Here are even more reasons why hip-hop and hoops overlap. The almost endless styles of early to mid nineties hip-hop music coincidentally overlaps with the Nike renaissance of the same period. The Golden Age of Nike (1994-1998) featured some of the most memorable shoes and shoe marketing of our lifetime. Ironically, this period was marked by a huge spike in price as they began to balloon past the century mark. This isn't to say that Nike's were cheap prior.
Yet, something must be said about 1994. I did an online search not to long ago about Nike shoes of the 1990s and here is an unofficial list of the basketball shoes released in the decade. The pair I would like to highlight today are the Nike Air Go L(ight)W(eight)P(erformance), my first pair of non-Mervyns Nikes.
(courtesy of www.pickyourshoes.com)
These shoes were, obviously, light weight. They also featured those annoying "speed laces" that for some reason never stayed tight and tied. I think one of the things that stood out, too, about this shoe was how low your foot was to the floor. My cuts on the court never looked so clean, you would have thought I was Jerry Rice out there on the hardwood. Unfortunately, Light Weight Performance also seemed to have meant no durability. Those shoes could not sustain the wear and tear of the blacktop; these shoes were raggedy within months. Then again, I was actually exercising daily, so maybe that has something to do with it.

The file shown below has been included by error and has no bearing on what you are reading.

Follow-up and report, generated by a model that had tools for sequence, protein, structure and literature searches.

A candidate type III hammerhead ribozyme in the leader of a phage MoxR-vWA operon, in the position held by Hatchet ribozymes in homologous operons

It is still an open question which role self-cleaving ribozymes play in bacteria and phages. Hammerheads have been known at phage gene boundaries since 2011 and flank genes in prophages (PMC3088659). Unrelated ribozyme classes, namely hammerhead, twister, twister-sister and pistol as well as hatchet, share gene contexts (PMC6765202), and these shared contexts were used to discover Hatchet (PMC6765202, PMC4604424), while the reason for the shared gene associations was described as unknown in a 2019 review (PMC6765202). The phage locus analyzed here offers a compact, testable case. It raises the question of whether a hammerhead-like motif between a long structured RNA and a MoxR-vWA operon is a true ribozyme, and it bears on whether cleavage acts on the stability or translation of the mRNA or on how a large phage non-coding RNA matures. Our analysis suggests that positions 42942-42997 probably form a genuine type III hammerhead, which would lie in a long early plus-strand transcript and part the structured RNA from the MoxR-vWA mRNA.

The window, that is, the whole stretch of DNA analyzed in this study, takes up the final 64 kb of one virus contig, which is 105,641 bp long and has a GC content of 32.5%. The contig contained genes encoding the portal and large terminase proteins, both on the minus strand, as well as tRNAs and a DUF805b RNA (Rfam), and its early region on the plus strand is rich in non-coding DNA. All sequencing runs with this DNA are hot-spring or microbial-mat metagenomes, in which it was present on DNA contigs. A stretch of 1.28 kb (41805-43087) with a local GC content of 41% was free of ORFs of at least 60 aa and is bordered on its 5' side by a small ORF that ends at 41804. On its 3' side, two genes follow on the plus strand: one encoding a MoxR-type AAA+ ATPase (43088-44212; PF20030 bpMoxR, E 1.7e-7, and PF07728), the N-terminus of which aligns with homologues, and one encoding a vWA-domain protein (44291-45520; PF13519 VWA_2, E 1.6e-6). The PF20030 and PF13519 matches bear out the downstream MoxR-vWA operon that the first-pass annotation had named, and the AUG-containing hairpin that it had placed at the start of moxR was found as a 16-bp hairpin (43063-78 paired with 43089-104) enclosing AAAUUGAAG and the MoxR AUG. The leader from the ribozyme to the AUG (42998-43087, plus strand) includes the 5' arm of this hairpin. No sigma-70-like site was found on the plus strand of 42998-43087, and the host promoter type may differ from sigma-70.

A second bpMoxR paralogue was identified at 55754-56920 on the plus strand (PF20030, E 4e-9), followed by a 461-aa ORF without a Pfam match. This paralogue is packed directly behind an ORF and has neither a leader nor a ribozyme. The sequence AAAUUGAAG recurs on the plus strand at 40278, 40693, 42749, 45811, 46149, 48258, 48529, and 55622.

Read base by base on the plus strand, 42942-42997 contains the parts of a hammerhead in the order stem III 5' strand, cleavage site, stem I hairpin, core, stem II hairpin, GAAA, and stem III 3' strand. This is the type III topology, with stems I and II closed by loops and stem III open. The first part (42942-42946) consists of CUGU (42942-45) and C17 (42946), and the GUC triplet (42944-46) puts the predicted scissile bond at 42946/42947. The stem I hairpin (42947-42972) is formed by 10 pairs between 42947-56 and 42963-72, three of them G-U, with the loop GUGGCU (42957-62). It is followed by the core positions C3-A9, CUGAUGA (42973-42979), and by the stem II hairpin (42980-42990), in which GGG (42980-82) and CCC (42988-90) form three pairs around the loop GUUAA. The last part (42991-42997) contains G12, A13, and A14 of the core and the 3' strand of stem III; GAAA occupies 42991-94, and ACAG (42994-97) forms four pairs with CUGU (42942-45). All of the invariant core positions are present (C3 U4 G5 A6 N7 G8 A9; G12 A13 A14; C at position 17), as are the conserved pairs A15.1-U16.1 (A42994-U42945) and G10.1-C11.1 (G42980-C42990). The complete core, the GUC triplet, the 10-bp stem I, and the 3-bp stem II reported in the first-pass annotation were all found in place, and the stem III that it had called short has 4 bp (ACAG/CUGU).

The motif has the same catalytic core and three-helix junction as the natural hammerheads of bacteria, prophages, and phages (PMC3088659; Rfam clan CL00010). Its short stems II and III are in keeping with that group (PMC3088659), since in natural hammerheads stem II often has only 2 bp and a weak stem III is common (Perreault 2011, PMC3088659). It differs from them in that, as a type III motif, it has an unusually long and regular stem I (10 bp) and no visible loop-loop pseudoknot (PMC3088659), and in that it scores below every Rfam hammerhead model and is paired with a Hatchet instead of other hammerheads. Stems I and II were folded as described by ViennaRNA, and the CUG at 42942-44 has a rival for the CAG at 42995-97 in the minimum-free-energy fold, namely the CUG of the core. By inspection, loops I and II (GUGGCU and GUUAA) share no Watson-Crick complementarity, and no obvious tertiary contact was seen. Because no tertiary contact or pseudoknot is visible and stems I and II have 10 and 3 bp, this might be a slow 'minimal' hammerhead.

This interesting design, however, seemed like an aberration in the 1990s with its lack of the identifiable swoosh across the broad side of the shoe. Oddly, it hasn't been "retro-ed" but neither have many other classics from this era. Given all the hot shoes released throughout the nineties, how does the NIKE GO LWP compare with the rest?